Biscayne Bay

Sunday, February 27, 2022

Our last day in Florida! It’s especially hard to go home, where the temperature hovers near zero. The weather here has been beautiful, in the 80s with mostly clear skies. These are the times when we ask ourselves yet again “Why do we live in Minnesota?”

We like to visit National Parks whenever they are close to our travel routes. Biscayne National Park is just south of Miami, and covers 300 square miles, most of which is open water. Established as a National Monument in 1968, it attained National Park status in 1980. The park contains several Keys, of which Elliott Key is the largest in the park, and northernmost of all of the Florida Keys. It also contains the northernmost part of the Florida Reef, the only living barrier coral reef in the continental United States, and the third largest in the world.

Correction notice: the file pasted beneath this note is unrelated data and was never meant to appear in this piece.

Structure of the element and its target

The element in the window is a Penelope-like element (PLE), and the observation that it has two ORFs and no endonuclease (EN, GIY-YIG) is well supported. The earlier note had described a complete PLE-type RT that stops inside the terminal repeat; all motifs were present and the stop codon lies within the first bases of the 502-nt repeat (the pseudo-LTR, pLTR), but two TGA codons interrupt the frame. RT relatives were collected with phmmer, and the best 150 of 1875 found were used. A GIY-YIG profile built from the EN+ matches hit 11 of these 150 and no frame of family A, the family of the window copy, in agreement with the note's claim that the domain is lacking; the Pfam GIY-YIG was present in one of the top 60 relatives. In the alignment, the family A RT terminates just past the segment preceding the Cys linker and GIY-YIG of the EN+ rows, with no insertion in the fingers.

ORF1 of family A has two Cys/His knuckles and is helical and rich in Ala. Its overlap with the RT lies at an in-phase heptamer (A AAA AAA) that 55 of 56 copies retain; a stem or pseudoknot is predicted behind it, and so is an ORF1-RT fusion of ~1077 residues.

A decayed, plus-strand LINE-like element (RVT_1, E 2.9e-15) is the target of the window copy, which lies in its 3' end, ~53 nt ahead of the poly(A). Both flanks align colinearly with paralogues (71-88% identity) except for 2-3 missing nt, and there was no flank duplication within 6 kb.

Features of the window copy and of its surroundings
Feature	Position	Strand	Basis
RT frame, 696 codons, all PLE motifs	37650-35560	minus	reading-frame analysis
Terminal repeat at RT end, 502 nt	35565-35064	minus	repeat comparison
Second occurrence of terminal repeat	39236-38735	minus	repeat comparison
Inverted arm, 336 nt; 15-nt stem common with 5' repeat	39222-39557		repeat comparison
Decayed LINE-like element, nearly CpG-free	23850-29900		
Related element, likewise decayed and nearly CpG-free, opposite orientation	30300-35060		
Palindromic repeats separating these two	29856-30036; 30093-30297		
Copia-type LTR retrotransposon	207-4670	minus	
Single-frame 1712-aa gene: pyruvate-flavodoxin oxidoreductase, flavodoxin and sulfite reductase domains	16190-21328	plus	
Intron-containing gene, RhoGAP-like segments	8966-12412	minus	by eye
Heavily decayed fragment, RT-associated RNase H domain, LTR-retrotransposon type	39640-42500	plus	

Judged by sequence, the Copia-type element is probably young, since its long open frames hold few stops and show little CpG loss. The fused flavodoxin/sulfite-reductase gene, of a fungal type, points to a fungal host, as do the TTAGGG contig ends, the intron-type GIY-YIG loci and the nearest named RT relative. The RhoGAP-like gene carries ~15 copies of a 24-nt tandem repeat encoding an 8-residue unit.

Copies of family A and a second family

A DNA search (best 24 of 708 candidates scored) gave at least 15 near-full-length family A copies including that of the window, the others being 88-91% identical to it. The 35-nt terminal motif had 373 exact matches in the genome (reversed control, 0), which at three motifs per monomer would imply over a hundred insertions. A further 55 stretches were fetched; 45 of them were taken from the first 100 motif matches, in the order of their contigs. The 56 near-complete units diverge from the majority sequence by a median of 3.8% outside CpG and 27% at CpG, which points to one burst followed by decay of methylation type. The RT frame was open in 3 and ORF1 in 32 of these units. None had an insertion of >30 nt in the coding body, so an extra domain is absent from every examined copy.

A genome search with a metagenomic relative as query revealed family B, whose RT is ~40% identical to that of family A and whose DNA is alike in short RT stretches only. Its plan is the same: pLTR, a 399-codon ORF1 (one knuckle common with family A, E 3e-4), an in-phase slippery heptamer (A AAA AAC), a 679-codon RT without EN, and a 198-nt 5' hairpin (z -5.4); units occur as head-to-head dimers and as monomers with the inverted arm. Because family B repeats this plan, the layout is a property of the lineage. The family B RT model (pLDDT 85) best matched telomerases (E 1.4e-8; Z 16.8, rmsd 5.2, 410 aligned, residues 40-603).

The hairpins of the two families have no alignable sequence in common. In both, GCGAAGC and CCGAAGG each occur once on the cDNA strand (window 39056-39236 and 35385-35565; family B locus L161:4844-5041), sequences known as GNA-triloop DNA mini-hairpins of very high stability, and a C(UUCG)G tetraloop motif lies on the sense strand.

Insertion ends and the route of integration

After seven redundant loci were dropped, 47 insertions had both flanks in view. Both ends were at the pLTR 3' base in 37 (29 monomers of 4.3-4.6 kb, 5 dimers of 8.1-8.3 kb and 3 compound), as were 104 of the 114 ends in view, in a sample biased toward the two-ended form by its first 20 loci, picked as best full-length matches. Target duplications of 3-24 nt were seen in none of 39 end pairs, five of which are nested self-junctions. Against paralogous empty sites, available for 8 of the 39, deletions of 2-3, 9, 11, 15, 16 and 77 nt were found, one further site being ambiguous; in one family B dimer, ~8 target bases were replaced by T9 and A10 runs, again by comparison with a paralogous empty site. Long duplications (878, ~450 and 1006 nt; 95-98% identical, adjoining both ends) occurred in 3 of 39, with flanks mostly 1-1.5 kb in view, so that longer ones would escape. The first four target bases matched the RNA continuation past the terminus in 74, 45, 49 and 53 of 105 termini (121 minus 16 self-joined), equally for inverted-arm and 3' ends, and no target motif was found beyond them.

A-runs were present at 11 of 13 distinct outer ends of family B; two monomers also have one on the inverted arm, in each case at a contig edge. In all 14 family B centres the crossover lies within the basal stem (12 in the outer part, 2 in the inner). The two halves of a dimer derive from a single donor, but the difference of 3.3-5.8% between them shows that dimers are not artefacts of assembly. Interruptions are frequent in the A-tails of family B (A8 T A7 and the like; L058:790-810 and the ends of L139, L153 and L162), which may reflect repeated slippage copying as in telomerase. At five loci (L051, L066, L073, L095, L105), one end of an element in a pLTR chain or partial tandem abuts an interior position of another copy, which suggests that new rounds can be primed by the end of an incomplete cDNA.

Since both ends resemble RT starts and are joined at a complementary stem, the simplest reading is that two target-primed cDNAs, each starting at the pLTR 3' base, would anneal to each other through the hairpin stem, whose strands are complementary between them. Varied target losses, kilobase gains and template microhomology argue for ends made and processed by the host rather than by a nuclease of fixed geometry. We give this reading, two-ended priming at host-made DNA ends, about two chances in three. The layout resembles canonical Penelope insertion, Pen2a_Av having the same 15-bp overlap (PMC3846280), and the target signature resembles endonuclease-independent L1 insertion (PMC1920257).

Biscayne National Park is home to hundreds of species of fish, as well as manatees, sea turtles, many species of birds, butterflies and both the American Crocodile and the American Alligator. In fact, Florida is the only place where both crocodiles and alligators live.

Since we had not planned ahead to visit the park, we were too late to take any of the boat rides into the bay itself. The shore was not accessible near the park headquarters, and the rangers suggested we drive to the northern edge of the park, where we could actually walk out to the shore. It was hard to believe we were so close to Miami

Tomorrow, we head back to Minnesota. Sigh!

About kcbernick

I love to travel.
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